In Section 2, we briefly establish a representation of a class of semi-Markov processes as a stochastic integral with respect to a Poisson random measure. We define the concepts of almost sure exponential stability and moment exponential stability. In Section 3, we present conditions that guarantee almost sure exponential stability and moment exponential stability of the trivial solution of (1.1). In general, there is no connection between these two stability criteria. However, under additional conditions one can say when does the moment exponential stability guarantees or implies almost sure exponential stability. We elaborate on this aspect while concluding this section. In Section 4, we provide some examples to illustrate these two stability criterion in our context. In Section 5, we investigate the conditions for which a nonlinear system of differential equation of the type is almost surely exponentially stable. We then investigate its behavior in higher-dimensional state space, as mentioned earlier. The paper ends with concluding remarks.

#### 2. Preliminaries

We assume that the probability space () is complete with filtration and is right-continuous and contains all null sets. If is some vector, then is its Euclidean norm and is its transpose, while if is a matrix then its trace norm is denoted as . stands for positive part of the real line while is a positive integer. Let denote the family of all functions on , which are twice continuously differentiable in and continuously differentiable in . Consider as a semi-Markov process taking values in with transition probability and conditional holding time distribution . Thus if are times when jumps occur, then Matrix is irreducible and for each , has continuously differentiable and bounded density . Embed in by identifying with . For , let Let the stationary distribution of the semi-Markov process be defined as where takes value 1 if and 0 otherwise for any .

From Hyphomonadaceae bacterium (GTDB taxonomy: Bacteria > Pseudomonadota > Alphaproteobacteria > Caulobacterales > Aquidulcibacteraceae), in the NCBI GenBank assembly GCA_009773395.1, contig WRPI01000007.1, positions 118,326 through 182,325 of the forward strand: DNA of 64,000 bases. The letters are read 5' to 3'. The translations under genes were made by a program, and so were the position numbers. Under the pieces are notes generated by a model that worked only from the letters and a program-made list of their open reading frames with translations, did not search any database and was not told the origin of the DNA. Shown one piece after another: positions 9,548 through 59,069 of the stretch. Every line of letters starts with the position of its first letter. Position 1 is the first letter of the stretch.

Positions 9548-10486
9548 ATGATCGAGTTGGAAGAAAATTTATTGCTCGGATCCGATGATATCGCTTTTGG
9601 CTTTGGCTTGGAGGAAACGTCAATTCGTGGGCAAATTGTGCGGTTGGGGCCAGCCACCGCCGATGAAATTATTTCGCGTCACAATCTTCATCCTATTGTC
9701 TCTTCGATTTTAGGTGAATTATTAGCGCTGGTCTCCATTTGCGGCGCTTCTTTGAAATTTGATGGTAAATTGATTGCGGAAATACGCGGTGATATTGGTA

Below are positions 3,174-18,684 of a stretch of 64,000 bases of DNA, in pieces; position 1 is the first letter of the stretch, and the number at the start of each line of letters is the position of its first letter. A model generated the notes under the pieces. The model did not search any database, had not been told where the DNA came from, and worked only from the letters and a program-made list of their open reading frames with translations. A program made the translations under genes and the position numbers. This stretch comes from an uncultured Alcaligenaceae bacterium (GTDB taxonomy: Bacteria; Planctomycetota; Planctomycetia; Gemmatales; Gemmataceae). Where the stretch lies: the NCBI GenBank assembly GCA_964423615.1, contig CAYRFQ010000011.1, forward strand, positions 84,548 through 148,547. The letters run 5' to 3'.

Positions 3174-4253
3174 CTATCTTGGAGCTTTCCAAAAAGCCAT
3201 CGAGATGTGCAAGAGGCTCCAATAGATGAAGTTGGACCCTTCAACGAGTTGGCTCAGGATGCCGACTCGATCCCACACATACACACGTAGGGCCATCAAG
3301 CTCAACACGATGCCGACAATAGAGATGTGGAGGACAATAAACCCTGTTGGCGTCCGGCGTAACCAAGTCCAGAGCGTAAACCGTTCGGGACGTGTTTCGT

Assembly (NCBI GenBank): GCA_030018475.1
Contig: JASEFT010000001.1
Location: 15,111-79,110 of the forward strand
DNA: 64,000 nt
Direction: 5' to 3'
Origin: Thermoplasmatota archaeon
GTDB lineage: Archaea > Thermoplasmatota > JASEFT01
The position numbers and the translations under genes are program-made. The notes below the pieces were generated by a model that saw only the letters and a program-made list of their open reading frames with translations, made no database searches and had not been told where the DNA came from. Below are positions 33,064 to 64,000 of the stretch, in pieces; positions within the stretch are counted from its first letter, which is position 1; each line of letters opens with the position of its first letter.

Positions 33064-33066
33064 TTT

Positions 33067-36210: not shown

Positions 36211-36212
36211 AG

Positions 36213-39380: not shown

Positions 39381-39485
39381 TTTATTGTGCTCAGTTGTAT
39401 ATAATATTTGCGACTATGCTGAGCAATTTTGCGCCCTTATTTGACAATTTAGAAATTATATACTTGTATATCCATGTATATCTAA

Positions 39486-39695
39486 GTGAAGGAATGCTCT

For , , let be consecutive (with respect to lexicographic ordering on ) left-closed, right-open intervals of the real line, each having length . Define the functions and by

Let be the set of all nonnegative integer-valued -finite measures on a Borel -field of (). Define the process described by the following stochastic integral equations: where is an ()-valued Poisson random measure with intensity independent of the -valued random variable , where is a Lebesgue measure on . We define the corresponding compensated or centred Poisson measure as . It was shown in Theorem 2.1 of Ghosh and Goswami [11] that is a semi-Markov process with transition probability matrix with conditional holding time distributions . Therefore, one can write . We assume that , and defined on () are independent.

To ensure that zero is the only equilibrium point of (1.1), we need the following assumption.

*Assumption 2.1. *Assume is -measurable and that constants exist such that for each being -valued and for each we have
We also need the condition that the generator matrix is bounded and continuous. , and and for each , and each .

The process () defined on () in (1.1) and (2.4) is jointly Markov and has a generator given as follows. For , we have where is an matrix and is the element of the matrix while is the element of the vector .

We define the jump times, that is, time epochs when jumps occur by , where , to be the enumeration of all elements in the domain of the point process corresponding to the stationary -Poisson point process . It is easy to see that is an -stopping time for each . Moreover, we have since the characteristic measure is finite. Next, let us denote the successive switching instants of the second component, which is the semi-Markov process that switches from one point on the space to another and is denoted by . Since the Poisson random measure is independent of , one could adapt the proof of Xi ([12]) to show that with probability 1, and are mutually disjoint. Hence between two chain-switching epochs, the process behaves like an ordinary jump-diffusion process without switching, a fact that we will use below to show the existence and uniqueness of the sMMJD process . Accordingly, we describe next the existence-uniqueness theorem for (1.1).